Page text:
Proceedings of a Symposium Presented at the XXI World Congress of Neurology in Vienna, Austria, 24 September 2013
Expert Review by: Stefan Evers1 and Carlo Lisotto2
1. Professor of Neurology, University of Münster and Director, Department of Neurology, Krankenhaus Lindenbrunn, Germany; 2. Neurologist, Headache Centre, Department of Neurosciences, University of Padua, Italy
Migraine is a common disabling primary headache disorder. In the World Health Organization (WHO) Global Burden of Disease Survey 2010, it was ranked as the third most prevalent disorder and seventh-highest specific cause of disability worldwide.1,2 In 1991, the first triptan was released in Europe for use in acute migraine, followed by the US in 1993. Evidence-based treatment guidelines state that triptans are a first-line treatment option for migraines.3–5 However, triptans continue to be underutilised. There remains a false concern, among practitioners and patients, about possible safety issues, despite the evidence that triptans are safe and generally well tolerated. Following the publication of the third edition of the International Classification of Headache Disorders (ICHD),6 a satellite symposium, chaired by Stefan Evers, was held at the XXI World Congress of Neurology, Vienna, 21–26 September 2013. This article summarises the proceedings of the symposium, including changes to headache classifications, new guidelines regarding efficacy parameters in clinical trials, the importance of patient preference trials and clinical cases.
New Diagnostic and Severity Criteria for Migraine and Other Headaches – What is New?
Headache classification enables the implementation of a standardised and evidence-based approach to carrying out and reporting of clinical trials. Classification also allows effective management of migraine patients, especially when the diagnosis is uncertain. In the past, headache classification was based on pathophysiology, which was of limited use. More recent classifications have been based on phenomenology rather than pathology or aetiology. The ICHD third edition (ICHD-3 beta version) has recently been published.6 The beta (preliminary) version has been published ahead of the final version to enable field testing for inclusion in the WHO International Classification of Diseases, ICD-11, in 2016.
The following is a brief summary of what is new in ICHD-3 beta.
Primary and Secondary Headaches
- It is important to classify syndromes and not patients, such as avoiding the use of the term migraineur, and to recognise that a patient can have several headache types.
- When classifying headaches, specificity is more important than sensitivity: the aim is to have homogeneous patient groups and to have no doubt about a migraine diagnosis.
Changes in Primary Headache
- If patients fulfil the criteria for both chronic tension-type headache and chronic migraine, the latter should be the only diagnosis. Chronic tension-type headache should be the leading diagnosis over new daily persistent headache.
- Within the short-lasting unilateral neuralgiform headache attacks group, short-lasting unilateral neuralgiform headache attacks with cranial autonomic symptoms (SUNA) has been included with shortlasting unilateral neuralgiform headache attacks with conjunctival injection and tearing (SUNCT).
- Hemicrania continua is now to be included as a trigeminal autonomic cephalalgia.
- A miscellaneous group includes new entities: cold-stimulus headache associated with the ingestion of cold food (e.g. eating ice cream) or inhalation of cold air, and external pressure headache resulting from external compression (e.g. a hat) or external traction.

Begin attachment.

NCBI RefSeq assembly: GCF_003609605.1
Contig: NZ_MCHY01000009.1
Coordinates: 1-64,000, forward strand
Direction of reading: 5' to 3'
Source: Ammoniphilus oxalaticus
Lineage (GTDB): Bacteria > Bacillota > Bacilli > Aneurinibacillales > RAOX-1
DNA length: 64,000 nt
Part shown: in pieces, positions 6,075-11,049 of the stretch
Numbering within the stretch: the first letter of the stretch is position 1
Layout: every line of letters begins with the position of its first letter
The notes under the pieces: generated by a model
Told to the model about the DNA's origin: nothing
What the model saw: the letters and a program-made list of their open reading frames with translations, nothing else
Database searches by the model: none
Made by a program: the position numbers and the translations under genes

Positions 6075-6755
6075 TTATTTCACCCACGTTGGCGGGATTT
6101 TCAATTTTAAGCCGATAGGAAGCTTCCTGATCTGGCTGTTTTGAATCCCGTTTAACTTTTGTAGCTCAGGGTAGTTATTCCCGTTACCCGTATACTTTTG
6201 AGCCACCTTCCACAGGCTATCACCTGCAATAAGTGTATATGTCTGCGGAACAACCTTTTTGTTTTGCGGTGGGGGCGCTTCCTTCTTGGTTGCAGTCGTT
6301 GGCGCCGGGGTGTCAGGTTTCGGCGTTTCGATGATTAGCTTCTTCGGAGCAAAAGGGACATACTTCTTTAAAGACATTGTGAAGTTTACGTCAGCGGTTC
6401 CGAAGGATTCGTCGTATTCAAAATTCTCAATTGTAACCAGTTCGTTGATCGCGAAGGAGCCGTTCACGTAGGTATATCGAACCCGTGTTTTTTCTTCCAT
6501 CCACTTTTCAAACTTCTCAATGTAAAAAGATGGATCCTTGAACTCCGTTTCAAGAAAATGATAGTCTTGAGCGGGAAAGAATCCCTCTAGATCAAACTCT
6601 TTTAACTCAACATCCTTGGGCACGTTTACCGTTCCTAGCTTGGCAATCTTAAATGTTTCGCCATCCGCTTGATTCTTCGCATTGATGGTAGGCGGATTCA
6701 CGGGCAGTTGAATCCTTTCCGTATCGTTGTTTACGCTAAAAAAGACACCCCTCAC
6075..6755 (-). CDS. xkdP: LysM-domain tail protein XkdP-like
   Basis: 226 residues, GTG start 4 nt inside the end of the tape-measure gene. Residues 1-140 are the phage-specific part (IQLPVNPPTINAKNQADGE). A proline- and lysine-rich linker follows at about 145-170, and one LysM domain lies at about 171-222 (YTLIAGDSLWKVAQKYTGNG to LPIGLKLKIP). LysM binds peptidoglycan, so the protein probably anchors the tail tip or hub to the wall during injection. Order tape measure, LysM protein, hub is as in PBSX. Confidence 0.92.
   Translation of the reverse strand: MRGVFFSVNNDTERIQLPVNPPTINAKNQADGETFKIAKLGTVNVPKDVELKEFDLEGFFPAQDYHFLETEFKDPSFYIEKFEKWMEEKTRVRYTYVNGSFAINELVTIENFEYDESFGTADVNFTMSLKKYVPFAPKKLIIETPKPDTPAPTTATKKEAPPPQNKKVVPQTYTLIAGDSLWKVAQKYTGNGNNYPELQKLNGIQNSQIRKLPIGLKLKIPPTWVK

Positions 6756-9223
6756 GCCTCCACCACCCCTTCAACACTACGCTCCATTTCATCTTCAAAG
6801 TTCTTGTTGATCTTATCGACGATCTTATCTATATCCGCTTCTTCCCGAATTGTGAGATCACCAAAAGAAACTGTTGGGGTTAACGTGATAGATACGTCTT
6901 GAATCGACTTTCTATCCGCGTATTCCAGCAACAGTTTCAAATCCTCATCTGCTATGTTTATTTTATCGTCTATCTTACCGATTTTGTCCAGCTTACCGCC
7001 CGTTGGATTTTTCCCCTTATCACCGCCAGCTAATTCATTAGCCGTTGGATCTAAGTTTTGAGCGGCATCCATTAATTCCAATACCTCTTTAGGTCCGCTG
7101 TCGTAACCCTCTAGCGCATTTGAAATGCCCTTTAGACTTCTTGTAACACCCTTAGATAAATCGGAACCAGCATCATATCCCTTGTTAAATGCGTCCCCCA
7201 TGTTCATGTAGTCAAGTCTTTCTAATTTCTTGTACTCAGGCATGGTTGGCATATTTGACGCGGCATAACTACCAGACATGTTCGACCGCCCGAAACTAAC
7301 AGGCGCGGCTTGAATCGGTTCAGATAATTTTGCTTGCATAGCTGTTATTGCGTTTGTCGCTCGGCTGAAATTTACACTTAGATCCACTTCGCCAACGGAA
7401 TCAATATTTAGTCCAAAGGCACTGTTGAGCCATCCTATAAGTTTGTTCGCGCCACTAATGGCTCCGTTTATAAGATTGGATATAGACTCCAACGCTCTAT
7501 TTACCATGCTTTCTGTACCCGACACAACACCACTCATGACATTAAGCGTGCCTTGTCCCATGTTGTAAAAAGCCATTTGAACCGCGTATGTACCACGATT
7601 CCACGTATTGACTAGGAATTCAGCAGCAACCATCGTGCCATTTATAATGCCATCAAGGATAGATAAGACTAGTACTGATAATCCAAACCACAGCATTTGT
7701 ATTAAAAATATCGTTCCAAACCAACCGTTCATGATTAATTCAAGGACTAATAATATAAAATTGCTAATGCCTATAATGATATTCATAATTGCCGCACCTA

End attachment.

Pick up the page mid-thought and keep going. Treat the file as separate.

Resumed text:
- Nummular headache, a headache on the skull in the shape of a coin, has been included as a new entity.
- Epicrania fugax, a brief stabbing headache that stems from a particular area of the head, is included in the appendix and may be a discrete headache entity, but more studies are needed to confirm this.
Changes in Migraine
- Chronic migraine is now a specific subtype, rather than a complication of episodic migraine.
- Basilar migraine has been renamed migraine with brainstem aura, since symptoms originate from the brainstem.
- A new section of specific subtypes of migraine has been added: episodic syndromes that may be associated with migraine. These are regarded as precursors of migraine and may evolve in childhood or adolescence. They include recurrent gastrointestinal disturbances, cyclical vomiting syndrome, abdominal migraine and benign paroxysmal torticollis.
- Alternating hemiplegia may also be a precursor of migraine and is also included in the appendix.
Changes in Chronic Migraine
- Migraine with aura is now included in this category. This has been subdivided into migraine with typical aura, with or without headache, migraine with brainstem aura (previously termed basilar aura), hemiplegic migraine (now includes familial/sporadic subtypes) or retinal migraine.
- Chronic migraine may be diagnosed as a double diagnosis if medication overuse headache is also present (this was not allowed in the previous classification). However, withdrawal of medication overuse is recommended in order to make a final diagnosis.
Evaluation of the Efficacy of Migraine Treatment – New Guidelines
Defining parameters to assess drug efficacy within clinical trials is important. In addition, it has to be considered that the priorities of the patient often differ from those of the investigator. In recently published guidelines,7 the recommended primary endpoint in trials for acute migraine treatment is now the percentage of patients who are pain free within 2 hours. This has important implications for clinical studies for triptans. Most pivotal trials submitted for approval of acute migraine therapy in the US used pain response at 2 hours rather than other endpoints as primary measure of efficacy.